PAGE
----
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Behavioral model of current limiter

**Library:**Simscape / Electrical / Semiconductors & Converters

The Current Limiter block provides a behavioral model of a current limiter. Use it to represent current limiting as found in power supplies and motor drives, and also to represent components that are used to limit inrush current.

The current limiting acts for both positive and negative currents. For applications where limiting is required in only one direction, you can augment the Current Limiter block with a series diode (blocks any reverse current) or parallel diode (no limiting in the reverse direction).

The block implements current limiting by using a hyperbolic tangent function:

$$i={i}_{LIM}\mathrm{tanh}\left(\frac{4v}{{v}_{LIM}}\right)+{g}_{LIM}v$$

where:

*i*is the current through the component.*v*is the voltage drop across the component.*i*is the current limit._{LIM}*v*is the approximate voltage drop across the component when the current limit becomes active._{LIM}*g*is the rate of change of current with voltage drop when on the current limit (limit-state conductance)._{LIM}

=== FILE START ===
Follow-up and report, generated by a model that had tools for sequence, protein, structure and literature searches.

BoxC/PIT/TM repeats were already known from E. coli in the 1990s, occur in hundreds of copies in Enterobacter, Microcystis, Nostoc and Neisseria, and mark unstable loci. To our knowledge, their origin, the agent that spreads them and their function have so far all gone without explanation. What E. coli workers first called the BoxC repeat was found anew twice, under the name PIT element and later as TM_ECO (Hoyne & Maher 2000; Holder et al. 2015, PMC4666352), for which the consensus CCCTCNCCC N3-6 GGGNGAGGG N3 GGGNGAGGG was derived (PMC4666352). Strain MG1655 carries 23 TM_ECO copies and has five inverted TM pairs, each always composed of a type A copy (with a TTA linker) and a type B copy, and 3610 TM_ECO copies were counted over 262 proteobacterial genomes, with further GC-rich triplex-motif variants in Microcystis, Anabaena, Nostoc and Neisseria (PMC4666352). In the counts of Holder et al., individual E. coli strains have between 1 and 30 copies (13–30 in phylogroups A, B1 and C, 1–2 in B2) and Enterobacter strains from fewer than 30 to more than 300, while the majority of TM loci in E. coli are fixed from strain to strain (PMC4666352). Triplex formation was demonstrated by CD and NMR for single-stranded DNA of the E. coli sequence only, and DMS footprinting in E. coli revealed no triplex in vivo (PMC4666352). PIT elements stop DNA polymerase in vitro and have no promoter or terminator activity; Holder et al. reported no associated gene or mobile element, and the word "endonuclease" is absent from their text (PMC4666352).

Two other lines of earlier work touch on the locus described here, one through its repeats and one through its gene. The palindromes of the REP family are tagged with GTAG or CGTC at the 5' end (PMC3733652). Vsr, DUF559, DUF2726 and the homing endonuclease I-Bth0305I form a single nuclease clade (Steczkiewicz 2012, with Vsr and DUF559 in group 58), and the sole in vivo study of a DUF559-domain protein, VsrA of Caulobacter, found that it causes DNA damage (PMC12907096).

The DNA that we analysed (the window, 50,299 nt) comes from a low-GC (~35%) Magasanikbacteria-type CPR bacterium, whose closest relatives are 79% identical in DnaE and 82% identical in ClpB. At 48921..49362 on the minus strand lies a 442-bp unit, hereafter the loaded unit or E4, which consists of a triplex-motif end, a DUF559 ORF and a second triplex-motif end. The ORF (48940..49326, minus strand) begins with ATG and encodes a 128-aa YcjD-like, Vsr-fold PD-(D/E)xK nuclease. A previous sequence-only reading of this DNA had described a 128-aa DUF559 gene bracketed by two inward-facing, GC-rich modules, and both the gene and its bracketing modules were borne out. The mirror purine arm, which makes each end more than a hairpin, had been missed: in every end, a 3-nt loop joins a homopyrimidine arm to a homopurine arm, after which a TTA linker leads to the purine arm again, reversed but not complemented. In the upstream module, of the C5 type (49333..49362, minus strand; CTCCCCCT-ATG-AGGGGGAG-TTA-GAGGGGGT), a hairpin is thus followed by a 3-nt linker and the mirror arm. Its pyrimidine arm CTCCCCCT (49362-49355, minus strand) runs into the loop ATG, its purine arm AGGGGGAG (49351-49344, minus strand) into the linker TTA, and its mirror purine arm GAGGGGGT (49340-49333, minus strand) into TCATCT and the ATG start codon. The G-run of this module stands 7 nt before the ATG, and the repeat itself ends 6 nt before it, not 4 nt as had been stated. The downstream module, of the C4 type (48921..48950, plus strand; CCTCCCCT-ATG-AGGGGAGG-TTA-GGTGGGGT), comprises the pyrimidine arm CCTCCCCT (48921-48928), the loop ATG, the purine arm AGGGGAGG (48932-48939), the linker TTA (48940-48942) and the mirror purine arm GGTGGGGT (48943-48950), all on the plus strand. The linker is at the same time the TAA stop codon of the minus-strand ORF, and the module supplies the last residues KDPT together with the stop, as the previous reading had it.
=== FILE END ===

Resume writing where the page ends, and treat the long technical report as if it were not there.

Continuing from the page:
When *v* =
*v _{LIM}*, then

$$i={i}_{LIM}\mathrm{tanh}\left(4\right)+{g}_{LIM}v=0.9993{i}_{LIM}+{g}_{LIM}v$$

Therefore the current is approximately equal to the limit. Choose the value for
*g _{LIM}* such that

When choosing the value of *v _{LIM}*, consider
that making it too small will require tight solver tolerances and small step sizes. In
practice, current limiters can be implemented using a MOSFET and series source resistor,
the gate-source voltage being driven by the series resistor. This implementation does
not produce a sharp limit, similar to the tanh curve used in this block. You can use a datasheet plot of current
against voltage to pick a suitable value for

The block has an optional thermal port, hidden by default. To expose the thermal port,
right-click the block in your model, and then from the context menu select
**Simscape** > **Block choices** >
**Show thermal port**. This action displays the thermal port
**H** on the block icon, and exposes the **Thermal
Port** parameters.

The thermal port model contains a thermal mass. The power dissipated by the current limiter, plus the heat flow into the thermal port, drives the thermal mass differential equation:

$$m\frac{dT}{dt}={P}_{loss}+{Q}_{H}$$

where:

*m*is the thermal mass.*T*is the thermal port temperature.*P*is the electrical loss,_{loss}*v*·*i*.*Q*is the heat flow from the external network into the thermal port._{H}